As per the reports, recently, India has introduced an enabling provision that will make an overseas platform that advertises, streams or sells goods to an Indian IP address taxable in the country.
How Did This Happen?
This move basically marks the first step toward a global digital tax and means that India will be ready to implement the levy once the Organisation for Economic Cooperation and Development (OECD) framework, currently under discussion, is finalised.
With this policy, the government will then be able to tax revenues of ecommerce firms such as Amazon, Alibaba and Ebay selling goods or services based on data collected from residents and those engaged in targeted advertisements such as Facebook and Google, besides streaming services like Netflix.
This will also cover the monetising data, through cookies for instance.
In 2016, India had imposed a 6% equalisation levy, sometimes referred to as the ‘Google tax’.
Though, this latest development is a significant move toward capturing tax on incomes earned by overseas companies through consumption by Indians.
A senior government official said “The idea is to have an enabling framework in place so that once the OECD framework is ready, we can go ahead,”.
While the proposed changes will be implemented only after OCED unveils the global framework.
What Does This Bill Propose?
As per the reports, the Finance Bill has proposed changes to the income tax Act to add new source rules that deem certain types of a foreign assessee’s income to be of Indian origin and hence taxable in the country.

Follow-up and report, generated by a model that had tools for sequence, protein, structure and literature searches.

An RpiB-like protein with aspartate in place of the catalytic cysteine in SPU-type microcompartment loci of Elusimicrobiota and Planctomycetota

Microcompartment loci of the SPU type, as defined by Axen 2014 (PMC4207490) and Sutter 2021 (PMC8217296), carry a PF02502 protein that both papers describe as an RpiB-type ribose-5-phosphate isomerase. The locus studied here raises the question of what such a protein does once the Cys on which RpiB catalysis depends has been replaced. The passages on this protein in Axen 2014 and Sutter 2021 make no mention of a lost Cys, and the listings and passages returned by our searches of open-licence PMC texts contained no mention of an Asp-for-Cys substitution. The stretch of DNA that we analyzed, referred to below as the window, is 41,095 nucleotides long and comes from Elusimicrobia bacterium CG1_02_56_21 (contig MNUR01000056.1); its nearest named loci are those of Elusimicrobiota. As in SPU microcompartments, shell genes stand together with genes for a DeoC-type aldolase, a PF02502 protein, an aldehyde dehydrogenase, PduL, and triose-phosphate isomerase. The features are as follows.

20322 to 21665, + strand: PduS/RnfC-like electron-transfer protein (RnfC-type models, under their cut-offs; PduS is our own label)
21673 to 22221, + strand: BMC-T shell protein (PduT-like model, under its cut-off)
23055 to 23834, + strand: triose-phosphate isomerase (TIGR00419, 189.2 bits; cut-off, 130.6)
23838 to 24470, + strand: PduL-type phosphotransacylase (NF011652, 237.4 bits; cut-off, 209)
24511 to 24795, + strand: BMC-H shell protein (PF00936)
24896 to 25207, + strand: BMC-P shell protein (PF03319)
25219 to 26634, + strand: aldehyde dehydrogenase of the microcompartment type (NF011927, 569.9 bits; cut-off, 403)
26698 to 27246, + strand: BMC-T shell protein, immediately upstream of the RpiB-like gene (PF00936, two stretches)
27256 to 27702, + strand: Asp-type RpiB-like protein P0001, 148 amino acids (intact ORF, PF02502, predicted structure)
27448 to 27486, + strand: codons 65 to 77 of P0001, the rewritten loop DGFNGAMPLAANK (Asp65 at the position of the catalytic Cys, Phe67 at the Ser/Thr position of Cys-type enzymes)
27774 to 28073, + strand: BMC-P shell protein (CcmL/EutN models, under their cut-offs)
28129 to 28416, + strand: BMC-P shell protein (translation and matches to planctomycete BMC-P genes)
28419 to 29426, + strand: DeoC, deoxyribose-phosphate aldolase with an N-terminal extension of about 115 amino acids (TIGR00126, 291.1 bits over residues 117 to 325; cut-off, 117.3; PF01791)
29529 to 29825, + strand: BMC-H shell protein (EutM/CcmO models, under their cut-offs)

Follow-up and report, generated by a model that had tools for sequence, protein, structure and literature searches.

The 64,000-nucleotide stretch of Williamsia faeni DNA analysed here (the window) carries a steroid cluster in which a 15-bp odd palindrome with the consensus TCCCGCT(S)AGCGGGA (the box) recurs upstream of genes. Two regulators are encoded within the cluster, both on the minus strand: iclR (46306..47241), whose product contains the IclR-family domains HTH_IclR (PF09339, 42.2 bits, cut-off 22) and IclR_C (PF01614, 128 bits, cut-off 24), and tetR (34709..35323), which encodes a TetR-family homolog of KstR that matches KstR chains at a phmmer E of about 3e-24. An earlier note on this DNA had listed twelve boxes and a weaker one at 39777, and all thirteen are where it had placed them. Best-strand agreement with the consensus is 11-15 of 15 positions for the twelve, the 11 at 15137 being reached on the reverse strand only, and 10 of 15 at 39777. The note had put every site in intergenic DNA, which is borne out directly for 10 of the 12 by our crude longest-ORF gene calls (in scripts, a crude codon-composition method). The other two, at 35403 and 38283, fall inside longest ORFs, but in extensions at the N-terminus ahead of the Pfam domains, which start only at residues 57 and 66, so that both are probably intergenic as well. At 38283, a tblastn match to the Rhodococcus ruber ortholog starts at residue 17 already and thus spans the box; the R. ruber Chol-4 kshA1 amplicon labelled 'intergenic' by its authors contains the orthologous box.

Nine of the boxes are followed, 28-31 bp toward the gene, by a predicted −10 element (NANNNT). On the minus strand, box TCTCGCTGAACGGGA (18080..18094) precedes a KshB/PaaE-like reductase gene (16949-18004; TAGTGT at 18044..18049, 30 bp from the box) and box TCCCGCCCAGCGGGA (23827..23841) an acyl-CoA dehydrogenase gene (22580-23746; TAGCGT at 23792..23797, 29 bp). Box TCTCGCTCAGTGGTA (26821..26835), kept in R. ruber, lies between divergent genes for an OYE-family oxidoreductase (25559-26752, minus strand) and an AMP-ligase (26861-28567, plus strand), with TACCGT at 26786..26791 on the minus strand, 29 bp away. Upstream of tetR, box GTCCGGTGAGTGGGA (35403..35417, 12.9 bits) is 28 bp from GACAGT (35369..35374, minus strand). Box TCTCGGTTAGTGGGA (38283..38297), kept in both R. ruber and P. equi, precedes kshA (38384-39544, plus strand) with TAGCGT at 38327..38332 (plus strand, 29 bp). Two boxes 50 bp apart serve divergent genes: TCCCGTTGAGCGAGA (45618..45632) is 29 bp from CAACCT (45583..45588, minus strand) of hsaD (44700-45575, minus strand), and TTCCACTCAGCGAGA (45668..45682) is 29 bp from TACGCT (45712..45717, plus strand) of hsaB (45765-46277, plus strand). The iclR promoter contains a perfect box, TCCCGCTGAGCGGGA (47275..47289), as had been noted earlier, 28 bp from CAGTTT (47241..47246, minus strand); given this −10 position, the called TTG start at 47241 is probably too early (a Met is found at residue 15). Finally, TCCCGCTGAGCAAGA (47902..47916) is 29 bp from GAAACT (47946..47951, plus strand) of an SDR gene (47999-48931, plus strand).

In this regard, the government has introduced explanation 3A in Section 9 of the income tax Act on “income attributable to operations carried out in India”.
This will also consider the income of non-residents from advertisements targeted at Indian customers or accessed through Indian IP addresses; income from the sale of data collected from an Indian resident or from a person using an Indian IP address; and income from the sale of goods or services using data collected from an Indian resident or from a person using Indian IP address.
Rohinton Sidhwa, partner, Deloitte India said “these proposals broadly attempt to capture the thinking currently ongoing at international forums where the taxation system for the digital economy is being evolved,”.
How Is It Going To Affect?
According to some experts, this may raise queries over tax treaty implications.
Rakesh Nangia, the chairman, Nangia Andersen Consulting said “It will also be interesting to see the interplay of these provisions with the equalisation levy, which appear to be overlapping in case of some transactions, especially online advertisements and also interplay of relevant tax treaty provisions, which may not permit taxing these transactions in India in their present form,”.
On October 9, the OECD had released a draft on the taxation of digital companies for public comments.
National leader (tax), Grant Thornton India, Vikas Vasal said “These provisions significantly widen the tax net to cover foreign enterprises doing business in India through online modes,”.
Why This Concept?
Basically, the government had introduced the concept of significant economic presence (SEP) in line with its plan to tax digital companies in the Finance Act, 2018.
However, SEP was defined to mean, among other things, systematic and continuous soliciting of business activities or engaging in interaction with such a number of users as may be prescribed in India through digital means.
Earlier, this provision was proposed to be effective from assessment year 2021-22, but has now been deferred to 2022-23.